Kimmy’s aforementioned roommate Titus is a true gift to the series. Not nearly as aloof as D’Fwan, Titus serves up his life severely on a platter. Every moment is grand and grand moments are his mana. By the time he finally settles into a steady job as a werewolf waiter at a theme restaurant, he has already accomplished so much, and so so little. His foil is the wonderfully mind-melted but somehow sharp Lillian, a landlady who has lived life fully (and has most likely ingested plenty of hallucinogens along the way.) In her zeal to help, she accompanies and inadvertently forces Titus to sing at a funeral, helps Titus film a music video for a song he hasn’t quite written yet, and at the end of the season accompanies Jacqueline to Durnsville in support of Kimmy.
Cyndee makes another visit to NYC to reconnect with Kimmy and exposes an interesting parallel between the two former Mole Women. Cyndee, upon returning to Durnsville after the media blitz, has had much given to her since her release, including a boyfriend—who, despite being gay and not willing to have a sexual relationship with her, is doing what he can to help her find happiness after 15 years of her life were essentially stolen from her. She’s getting much handed to her out of pity, but it ostensibly seems to be providing her with a real sense of happiness. Kimmy, at first finding fault with the facade, concedes that even though she could never take a shortcut like that, she also can’t fault Cyndee for her for her own reclamation of hapiness.
After that visit, Kimmy enrolls in a GED course and bands together with her fellow students to teach themselves after it is revealed the GED instructor is tenured and is looking for a way to get sent to “limbo.” In this case “limbo” is the Rubber Room, the lounge where un-fireable tenured instructors get paid to do nothing. Never one to give in to her circumstances, she and her fellow students instruct each other with their shared knowledge.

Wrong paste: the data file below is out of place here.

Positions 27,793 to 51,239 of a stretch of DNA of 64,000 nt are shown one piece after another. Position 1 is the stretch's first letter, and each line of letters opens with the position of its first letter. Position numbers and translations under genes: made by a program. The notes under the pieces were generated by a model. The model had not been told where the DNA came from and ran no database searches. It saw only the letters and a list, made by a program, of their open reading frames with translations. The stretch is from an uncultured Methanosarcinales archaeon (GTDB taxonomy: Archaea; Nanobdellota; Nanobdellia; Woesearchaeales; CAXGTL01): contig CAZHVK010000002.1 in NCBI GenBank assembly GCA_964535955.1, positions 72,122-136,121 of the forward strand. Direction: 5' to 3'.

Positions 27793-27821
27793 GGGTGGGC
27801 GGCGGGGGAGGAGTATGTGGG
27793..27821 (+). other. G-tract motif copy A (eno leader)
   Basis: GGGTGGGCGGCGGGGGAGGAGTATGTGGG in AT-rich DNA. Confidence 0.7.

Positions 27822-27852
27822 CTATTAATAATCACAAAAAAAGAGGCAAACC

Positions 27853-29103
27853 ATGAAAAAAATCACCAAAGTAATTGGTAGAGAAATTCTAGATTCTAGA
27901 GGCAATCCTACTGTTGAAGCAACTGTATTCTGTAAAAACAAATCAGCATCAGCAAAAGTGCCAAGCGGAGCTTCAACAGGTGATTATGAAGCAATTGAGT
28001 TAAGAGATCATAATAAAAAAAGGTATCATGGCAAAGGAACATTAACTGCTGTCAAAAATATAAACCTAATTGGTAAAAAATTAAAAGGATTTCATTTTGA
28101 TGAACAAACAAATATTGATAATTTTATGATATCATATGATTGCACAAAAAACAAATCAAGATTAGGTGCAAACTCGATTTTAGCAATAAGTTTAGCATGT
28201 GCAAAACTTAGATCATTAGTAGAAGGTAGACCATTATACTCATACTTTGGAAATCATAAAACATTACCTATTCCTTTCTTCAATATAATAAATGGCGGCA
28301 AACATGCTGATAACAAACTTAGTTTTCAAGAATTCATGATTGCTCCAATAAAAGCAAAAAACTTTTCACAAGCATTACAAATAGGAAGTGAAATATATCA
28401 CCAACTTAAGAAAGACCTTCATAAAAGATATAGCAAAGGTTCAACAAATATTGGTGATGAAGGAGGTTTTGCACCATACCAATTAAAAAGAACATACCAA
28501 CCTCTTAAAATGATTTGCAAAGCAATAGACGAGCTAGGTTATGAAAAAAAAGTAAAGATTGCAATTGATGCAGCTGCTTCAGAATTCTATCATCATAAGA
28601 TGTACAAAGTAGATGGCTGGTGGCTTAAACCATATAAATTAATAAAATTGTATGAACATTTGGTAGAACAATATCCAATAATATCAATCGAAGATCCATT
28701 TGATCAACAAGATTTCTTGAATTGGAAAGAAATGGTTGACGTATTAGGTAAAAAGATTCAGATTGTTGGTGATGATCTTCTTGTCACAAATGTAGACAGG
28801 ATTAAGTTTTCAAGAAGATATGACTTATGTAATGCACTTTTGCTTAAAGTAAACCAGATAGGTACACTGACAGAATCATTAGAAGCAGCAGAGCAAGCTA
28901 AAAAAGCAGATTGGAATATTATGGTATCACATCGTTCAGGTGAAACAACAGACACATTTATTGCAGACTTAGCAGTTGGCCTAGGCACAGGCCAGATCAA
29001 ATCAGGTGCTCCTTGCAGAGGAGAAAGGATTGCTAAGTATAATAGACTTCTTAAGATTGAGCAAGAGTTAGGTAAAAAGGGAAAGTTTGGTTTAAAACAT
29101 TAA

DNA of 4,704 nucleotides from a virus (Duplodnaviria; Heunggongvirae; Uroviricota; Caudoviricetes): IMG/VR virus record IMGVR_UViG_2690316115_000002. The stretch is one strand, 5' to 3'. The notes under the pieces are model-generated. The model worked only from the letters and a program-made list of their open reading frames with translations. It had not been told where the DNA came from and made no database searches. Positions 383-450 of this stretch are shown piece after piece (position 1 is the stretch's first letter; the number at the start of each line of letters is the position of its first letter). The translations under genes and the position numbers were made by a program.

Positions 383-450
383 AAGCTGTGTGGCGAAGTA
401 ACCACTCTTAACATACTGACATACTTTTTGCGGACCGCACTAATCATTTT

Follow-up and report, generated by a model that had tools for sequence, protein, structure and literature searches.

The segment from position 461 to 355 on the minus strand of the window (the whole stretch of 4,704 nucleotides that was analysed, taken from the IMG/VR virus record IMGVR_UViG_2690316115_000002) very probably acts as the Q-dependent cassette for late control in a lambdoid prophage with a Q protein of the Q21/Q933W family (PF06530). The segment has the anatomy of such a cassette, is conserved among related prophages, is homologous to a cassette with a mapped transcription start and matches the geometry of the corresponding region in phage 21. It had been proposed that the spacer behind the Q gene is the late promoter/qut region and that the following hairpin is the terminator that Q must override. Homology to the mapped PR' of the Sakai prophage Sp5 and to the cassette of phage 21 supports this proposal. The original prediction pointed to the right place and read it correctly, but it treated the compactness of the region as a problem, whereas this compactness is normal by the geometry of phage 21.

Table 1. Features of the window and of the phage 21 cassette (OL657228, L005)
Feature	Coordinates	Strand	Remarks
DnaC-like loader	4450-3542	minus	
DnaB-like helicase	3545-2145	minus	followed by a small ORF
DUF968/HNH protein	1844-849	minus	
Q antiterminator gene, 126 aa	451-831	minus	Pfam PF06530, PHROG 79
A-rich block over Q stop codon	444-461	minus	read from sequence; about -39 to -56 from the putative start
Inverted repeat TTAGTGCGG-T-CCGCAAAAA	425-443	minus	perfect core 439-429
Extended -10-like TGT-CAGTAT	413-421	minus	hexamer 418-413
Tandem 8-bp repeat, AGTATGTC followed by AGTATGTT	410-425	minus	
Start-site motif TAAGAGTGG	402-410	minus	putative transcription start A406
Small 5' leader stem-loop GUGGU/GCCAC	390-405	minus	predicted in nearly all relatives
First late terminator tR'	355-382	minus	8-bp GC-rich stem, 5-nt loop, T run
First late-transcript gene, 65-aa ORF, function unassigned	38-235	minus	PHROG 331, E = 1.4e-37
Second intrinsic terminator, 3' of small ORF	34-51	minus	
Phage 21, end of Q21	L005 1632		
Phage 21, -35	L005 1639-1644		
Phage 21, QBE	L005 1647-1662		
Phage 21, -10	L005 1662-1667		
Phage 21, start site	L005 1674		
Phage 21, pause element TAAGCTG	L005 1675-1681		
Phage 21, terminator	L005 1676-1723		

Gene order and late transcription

Towards the end of the season we begin to glean more information about why she was so keen to stay in NYC rather than returning home to a family or friends. It turns out, she had an absentee mother. A mother who after marrying the least effective detective on Kimmy’s kidnapping case, disappeared again. The hopelessly inadequate Detective Randy (a hilarious Tim Blake Nelson) provided Kimmy with a half-sister (Kymmi, pronounced “key-mi”), but little else. He even managed to find himself talked into doing heroin in NYC. Durnsville’s Finest, he is not. Tina Fey makes a cameo as one half of a disgraced California prosecutorial team tasked with sending Kimmy’s kidnapper to jail. Unfortunately, her character is nearly as bad at prosecuting as Randy is at police work. The Reverend Richard also proves himself to be remarkably able to sway the jury and public to his side, and this may be partially because once his beard is shaved he looks like Jon Hamm. (Because he’s played by Jon Hamm.) Fancy wordplay and suave presentation are almost enough to turn the trial to The Reverend’s favor, but one last trip to the bunker by the Mole Women provides a video tape which destroys his entire case.
Unbreakable Kimmy Schmidt has already been renewed for a second season, which will air next March. There are many similarities with 30 Rock to be found here, but UKS stands firmly as its own entity. Just remember that if you find yourself facing a difficult task, live life 10 seconds at a time.
What say you, readers? Have you finished the series and want a place to geek out over it? Feel free to comment below or chat about the series with me on Twitter!